Who would have thought that a relatively conservative city like Burgos, Spain would have detonated a string of spontaneous and massive protest across the country? Over the past four days, social media networks across the globe have exploded with the hashtag #Gamonal and #EfectoGamonal, virilizing this small town’s struggle against rising property prices and corrupt municipal dealings to international attention, and along the way reawaken national indignation that has been simmering in Spain for years.
The conflict originated around the slatted construction of an expensive multi-story parking garage in the densely populated center of Gamonal, a working class neighborhood of Burgos. The project is to be lead by developer and local media tycoon Michel Méndez Pozo, a former felon charged with corruption and with ties to the right-wing Popular Party. Mendez Pozo is seen as an emblematical figure, responsible for the runaway property prices that stem from years of collusion between elected officials and private real estate developers and his control of the regions biggest newspaper. Public demonstrations began on Monday, as local residents perplexed by the scale and invasiveness of the new development, went to the streets demanding a refocusing of priorities to address the city's chronic unemployment and underfunded public services. Once the internet got a hold of it, the rising up of this working class community became a battle cry to denounce the general corruption of the Spanish government long ago taken over by banks and private interest. Under the banner of the #GamonalEffect Solidarity marches assembled in Madrid, Seville, Valladolid, Logroño, Oviedo, Zaragoza, and Barcelona.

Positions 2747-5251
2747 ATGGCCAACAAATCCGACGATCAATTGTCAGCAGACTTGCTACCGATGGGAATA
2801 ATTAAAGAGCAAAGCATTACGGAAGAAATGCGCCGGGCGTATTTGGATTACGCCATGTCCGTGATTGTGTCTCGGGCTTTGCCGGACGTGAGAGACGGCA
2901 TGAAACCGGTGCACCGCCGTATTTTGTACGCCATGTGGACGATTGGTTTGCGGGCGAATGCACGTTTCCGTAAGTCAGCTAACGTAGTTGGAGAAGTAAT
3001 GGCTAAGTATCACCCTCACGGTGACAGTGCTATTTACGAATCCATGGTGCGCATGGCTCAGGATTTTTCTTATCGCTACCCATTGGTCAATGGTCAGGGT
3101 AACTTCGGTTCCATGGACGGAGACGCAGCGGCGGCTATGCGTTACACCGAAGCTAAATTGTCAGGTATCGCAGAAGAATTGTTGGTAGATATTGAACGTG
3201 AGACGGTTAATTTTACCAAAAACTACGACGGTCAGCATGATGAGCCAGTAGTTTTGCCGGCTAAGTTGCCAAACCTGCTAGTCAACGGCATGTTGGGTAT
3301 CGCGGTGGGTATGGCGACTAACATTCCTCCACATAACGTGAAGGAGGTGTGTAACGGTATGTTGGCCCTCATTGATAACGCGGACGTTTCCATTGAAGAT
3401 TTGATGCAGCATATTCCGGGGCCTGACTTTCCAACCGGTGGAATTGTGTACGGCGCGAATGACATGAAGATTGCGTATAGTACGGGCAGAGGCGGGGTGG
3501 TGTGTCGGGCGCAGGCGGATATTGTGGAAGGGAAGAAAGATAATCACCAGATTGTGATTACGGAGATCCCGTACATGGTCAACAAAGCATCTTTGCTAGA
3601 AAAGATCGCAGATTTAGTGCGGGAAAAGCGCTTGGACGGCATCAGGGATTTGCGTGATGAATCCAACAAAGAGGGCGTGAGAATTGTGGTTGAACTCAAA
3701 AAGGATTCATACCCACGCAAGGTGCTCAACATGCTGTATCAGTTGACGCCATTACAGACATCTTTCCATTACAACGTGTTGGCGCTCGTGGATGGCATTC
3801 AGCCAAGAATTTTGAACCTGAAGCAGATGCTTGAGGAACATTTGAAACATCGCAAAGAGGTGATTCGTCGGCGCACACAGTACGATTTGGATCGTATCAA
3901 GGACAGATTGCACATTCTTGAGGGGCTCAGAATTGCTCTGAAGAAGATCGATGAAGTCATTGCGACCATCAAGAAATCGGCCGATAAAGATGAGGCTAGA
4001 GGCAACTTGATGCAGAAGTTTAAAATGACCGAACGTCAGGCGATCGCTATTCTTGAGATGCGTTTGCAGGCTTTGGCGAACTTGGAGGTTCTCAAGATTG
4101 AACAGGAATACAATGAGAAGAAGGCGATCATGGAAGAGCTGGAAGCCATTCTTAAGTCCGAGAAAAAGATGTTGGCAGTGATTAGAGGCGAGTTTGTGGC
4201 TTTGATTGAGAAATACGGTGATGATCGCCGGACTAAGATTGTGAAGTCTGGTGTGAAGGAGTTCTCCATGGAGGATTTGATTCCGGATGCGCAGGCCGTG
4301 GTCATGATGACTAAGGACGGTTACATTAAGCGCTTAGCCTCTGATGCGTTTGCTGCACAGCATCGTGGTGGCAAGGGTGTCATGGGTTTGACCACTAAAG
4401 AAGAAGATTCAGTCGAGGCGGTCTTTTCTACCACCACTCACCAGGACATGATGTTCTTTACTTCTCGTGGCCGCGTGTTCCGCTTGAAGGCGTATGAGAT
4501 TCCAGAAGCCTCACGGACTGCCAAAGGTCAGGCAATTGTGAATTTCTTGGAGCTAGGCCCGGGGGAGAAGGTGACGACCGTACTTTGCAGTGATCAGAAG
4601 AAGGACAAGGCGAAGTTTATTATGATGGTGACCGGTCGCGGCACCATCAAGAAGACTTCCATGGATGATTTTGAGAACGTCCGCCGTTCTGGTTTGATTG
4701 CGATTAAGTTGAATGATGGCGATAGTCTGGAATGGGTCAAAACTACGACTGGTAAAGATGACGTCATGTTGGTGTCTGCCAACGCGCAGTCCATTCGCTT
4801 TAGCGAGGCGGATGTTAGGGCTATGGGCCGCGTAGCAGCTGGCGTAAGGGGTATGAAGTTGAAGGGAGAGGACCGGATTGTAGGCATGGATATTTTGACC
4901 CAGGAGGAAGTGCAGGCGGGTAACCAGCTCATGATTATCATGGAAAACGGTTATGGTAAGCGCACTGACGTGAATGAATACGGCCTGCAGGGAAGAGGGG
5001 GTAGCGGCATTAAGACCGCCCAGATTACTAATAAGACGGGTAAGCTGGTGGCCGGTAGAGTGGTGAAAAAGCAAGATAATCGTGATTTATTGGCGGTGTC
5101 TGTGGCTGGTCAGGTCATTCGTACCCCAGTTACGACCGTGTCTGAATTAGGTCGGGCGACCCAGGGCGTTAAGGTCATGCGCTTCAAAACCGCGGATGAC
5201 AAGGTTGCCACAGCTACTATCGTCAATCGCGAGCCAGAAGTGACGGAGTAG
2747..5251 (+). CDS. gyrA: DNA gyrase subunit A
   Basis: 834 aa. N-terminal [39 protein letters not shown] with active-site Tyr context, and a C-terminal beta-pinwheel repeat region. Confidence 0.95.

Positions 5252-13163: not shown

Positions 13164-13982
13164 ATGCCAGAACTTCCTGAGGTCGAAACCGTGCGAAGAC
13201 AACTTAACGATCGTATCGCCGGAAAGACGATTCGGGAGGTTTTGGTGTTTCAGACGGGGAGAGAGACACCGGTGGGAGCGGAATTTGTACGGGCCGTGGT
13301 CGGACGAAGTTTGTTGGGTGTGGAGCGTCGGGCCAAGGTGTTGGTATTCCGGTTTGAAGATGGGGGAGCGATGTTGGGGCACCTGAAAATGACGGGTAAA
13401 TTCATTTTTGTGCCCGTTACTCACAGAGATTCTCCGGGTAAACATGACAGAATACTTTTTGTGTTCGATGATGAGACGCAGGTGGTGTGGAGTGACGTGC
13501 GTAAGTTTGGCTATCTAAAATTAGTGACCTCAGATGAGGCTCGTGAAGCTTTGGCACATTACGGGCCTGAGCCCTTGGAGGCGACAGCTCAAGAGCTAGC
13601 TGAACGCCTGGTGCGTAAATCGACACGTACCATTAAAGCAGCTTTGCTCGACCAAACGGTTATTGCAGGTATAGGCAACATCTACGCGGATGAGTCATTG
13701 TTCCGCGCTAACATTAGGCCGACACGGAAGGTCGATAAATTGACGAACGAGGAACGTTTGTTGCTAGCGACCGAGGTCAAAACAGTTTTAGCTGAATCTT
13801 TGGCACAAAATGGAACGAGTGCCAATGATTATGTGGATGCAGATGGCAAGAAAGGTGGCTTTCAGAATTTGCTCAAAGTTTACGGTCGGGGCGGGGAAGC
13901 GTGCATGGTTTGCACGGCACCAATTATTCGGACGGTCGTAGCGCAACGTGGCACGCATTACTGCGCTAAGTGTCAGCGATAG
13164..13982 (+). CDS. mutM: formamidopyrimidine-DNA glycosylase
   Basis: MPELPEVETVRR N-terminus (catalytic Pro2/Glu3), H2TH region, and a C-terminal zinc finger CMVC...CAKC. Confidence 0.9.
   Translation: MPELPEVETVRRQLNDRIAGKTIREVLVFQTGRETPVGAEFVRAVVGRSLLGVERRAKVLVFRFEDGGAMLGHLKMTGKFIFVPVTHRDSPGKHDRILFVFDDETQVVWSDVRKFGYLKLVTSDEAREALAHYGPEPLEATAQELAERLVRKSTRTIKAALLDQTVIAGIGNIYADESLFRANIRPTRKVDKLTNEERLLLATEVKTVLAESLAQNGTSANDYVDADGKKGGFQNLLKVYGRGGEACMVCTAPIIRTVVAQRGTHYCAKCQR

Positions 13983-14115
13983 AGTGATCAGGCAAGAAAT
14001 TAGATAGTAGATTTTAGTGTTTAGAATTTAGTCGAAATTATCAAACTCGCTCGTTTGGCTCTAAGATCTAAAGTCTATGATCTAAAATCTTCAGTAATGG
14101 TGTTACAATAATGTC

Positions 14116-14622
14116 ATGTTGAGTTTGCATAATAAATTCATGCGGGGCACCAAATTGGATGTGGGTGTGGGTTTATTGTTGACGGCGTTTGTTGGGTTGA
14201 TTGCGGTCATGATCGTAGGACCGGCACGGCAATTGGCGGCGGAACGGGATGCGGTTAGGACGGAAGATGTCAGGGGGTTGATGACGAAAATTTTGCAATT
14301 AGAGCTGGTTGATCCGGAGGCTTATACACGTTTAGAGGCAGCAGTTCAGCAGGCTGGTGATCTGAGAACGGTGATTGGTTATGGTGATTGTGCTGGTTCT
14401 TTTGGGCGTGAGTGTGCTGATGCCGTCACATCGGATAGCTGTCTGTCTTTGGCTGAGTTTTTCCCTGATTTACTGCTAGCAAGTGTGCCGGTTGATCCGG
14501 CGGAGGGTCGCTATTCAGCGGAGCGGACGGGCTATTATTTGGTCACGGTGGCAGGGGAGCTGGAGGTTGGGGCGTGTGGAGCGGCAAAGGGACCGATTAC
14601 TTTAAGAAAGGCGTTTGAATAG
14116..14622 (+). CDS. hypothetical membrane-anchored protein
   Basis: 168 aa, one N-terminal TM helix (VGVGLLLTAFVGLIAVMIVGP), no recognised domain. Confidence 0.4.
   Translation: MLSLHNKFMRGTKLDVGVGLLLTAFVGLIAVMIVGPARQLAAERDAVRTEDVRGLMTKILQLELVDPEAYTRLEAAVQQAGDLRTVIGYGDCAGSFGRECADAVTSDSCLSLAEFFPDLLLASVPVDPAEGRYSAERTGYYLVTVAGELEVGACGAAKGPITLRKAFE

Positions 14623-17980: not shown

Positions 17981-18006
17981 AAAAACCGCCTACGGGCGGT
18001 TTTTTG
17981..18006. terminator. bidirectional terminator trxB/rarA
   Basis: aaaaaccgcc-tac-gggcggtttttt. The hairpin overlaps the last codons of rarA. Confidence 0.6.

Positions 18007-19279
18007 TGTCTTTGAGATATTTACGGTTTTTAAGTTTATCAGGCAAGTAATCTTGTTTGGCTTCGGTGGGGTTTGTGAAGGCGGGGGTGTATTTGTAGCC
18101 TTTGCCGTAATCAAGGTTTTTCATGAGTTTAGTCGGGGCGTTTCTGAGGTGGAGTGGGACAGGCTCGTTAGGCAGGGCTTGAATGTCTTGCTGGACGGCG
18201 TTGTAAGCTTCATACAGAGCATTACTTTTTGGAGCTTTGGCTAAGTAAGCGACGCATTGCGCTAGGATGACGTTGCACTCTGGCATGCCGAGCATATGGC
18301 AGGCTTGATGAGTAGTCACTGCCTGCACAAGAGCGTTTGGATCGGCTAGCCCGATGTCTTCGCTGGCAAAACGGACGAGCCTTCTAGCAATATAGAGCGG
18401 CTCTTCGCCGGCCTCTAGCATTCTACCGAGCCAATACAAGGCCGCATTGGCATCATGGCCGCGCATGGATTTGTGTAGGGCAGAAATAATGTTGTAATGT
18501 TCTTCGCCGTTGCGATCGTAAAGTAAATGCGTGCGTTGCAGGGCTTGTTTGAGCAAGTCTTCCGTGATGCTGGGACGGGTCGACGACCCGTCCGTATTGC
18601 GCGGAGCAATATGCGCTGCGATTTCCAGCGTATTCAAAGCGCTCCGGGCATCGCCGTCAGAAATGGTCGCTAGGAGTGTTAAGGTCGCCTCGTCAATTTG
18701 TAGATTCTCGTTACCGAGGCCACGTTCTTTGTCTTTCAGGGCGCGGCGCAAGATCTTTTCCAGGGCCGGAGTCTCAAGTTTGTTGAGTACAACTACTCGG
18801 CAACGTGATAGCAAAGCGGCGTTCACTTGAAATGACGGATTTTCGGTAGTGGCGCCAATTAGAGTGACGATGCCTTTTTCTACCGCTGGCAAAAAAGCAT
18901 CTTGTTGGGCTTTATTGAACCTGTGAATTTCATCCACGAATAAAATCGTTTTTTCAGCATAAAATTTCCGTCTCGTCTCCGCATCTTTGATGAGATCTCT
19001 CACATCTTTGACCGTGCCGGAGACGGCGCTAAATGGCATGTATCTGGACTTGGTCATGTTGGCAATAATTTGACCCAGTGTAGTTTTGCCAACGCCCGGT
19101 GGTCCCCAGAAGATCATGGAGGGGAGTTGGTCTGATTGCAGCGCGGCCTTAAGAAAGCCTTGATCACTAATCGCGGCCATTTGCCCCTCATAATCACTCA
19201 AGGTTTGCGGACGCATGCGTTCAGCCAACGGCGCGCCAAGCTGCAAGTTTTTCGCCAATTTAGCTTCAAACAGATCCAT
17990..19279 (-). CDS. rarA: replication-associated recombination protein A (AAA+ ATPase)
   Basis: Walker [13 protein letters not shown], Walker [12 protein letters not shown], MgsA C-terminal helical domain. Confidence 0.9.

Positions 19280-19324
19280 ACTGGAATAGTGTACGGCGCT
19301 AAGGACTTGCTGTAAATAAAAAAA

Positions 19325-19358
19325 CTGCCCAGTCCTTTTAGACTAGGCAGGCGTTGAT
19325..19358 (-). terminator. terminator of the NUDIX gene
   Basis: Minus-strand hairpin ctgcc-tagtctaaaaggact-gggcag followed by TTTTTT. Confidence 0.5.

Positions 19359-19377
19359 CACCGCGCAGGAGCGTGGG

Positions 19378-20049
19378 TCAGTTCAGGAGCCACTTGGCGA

Yesterday, firefighters in Barcelona congregated in Plaça de Catalunya in an impressive show of force carrying signs that read “If Burgos can, We can too”.
Last night in Madrid 13 demonstrators were arrested as thousands took to the streets of the Gran Via.
Demonstrators were quickly bailed out thanks to crowd funding efforts. The #GamonalEffect reminds us of the latent potential of networks created after the #M15 and #TaketheSquare movements in 2011. Today we all stand united by #Gamonal because their struggle is our struggle: people having a voice in the face of a brutal economic system that puts profits before people and a despondent political system.
[tratto da http://occupywallst.org]